The types also varied with the seasons. Due to the tremendous increase in population and scarcity in the number of farming lands, most of the varieties, especially the sensitive ones, could not be cultivated any longer. One example could be the raida rice, which is commonly known as the 'mother of rice.' There is even folklore associated with this particular variety — It is said that in the regions of Khulna, fishermen used to roam around the banks of the river in search of food. While doing so, one time, they took some dry grass from the fields around them and used it as fire-starter to make fish fry. And as the ashes fell back onto the lands, it caused the raida variety of rice to propagate. So essentially, the folklore depicts that the raida grows from the grasses.
Raida is essentially a blessing for the culinary world. It helps in the preparation of excellent quality rice pudding and pilaf. Farmers have begun to cultivate this special variety again, similar to the yesteryears.
Other variants in the name of kajal digha, Lakshmi digha and kalarai can withstand flood. There are some more variants by the name of vaad, kaloshoni, and kumri, which can be cultivated even during times of famine. Based on climate change and our current weather conditions, it is almost necessary that we take the initiative to grow these variants again.
Shifting cultivation (jhum chaash) helps produce aspecial rice variety in the name of binni. Upon cooking the binni converts into black, red and white variants of sticky rice. This type of rice is extremely tasty, quite a bit sticky and good for making hotchpotch and plain rice.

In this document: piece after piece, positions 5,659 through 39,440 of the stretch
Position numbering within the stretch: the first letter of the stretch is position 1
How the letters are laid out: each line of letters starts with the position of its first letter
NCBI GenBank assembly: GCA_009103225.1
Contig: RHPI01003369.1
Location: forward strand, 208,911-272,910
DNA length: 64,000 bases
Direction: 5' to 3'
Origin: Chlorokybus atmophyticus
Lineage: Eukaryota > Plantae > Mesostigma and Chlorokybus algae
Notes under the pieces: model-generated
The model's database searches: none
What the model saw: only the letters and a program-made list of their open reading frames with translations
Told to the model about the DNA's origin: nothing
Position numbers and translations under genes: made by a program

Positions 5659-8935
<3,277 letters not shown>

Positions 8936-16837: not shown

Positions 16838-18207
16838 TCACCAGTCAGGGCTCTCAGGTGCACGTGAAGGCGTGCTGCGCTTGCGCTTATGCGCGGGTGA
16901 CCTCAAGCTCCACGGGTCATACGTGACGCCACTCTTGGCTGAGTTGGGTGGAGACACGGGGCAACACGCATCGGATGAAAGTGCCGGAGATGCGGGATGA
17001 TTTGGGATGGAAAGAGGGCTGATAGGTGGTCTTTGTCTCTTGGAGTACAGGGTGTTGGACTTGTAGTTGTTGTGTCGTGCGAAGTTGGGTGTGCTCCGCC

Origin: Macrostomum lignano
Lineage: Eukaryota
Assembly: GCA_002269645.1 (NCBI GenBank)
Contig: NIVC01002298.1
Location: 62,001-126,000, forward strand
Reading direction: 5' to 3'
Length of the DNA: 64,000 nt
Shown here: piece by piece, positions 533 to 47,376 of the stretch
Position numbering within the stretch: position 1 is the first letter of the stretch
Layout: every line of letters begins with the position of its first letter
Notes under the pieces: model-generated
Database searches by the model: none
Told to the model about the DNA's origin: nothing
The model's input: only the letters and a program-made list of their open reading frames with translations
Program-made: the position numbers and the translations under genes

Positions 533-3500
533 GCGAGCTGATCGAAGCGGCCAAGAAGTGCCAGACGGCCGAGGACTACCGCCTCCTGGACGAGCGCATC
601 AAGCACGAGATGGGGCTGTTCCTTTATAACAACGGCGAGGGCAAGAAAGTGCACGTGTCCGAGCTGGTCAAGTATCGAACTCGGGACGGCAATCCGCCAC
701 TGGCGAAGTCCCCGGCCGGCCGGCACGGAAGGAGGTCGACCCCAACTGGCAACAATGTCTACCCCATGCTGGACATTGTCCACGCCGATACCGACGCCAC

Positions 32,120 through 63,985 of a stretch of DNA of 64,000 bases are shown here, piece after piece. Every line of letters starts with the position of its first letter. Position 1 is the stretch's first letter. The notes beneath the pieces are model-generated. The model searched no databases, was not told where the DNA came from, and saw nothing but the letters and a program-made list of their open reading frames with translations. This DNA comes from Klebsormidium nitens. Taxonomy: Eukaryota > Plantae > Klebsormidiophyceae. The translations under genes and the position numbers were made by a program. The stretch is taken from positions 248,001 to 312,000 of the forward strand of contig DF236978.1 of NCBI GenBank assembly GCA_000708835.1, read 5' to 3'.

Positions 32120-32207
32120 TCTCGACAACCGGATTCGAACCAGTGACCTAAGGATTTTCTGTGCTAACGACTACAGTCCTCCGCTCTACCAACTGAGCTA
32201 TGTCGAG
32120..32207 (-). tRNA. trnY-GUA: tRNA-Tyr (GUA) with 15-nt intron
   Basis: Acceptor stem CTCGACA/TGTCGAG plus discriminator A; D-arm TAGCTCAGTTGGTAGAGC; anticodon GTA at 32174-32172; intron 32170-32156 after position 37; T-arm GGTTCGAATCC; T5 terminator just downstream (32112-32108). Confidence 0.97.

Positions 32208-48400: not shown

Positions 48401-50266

Sticky rice is expected to be eaten warm; otherwise it becomes too thick for consumption. Khichuri prepared with moong daal (lentil) and sticky rice is out-of-the-world appetising, and so are the rice cakes and rice pudding prepared with the same item.
Yousuf, a farmer from Dubail, Rajshahi, who has been farming for the last fifty years, has been successful in cultivating over 150 varieties of rice on his lands. Yousuf wishes to see other farmers get back into the habit of cultivating the long-lost variants of rice, like himself. He wants to celebrate the Bengali New Year with these farmers, preparing different items with the many varieties of rice, and feed the guests at the festival with their unique preparations.
If time permits, it certainly would be an honour to be able to visit the New Year's festivities at Yousuf's place in Dubail.
By Shahana Huda Ranjana
Translated by Mehrin Mubdi Chowdhury
Photo: Sazzad Ibne Sayed
Food and Styling: RBR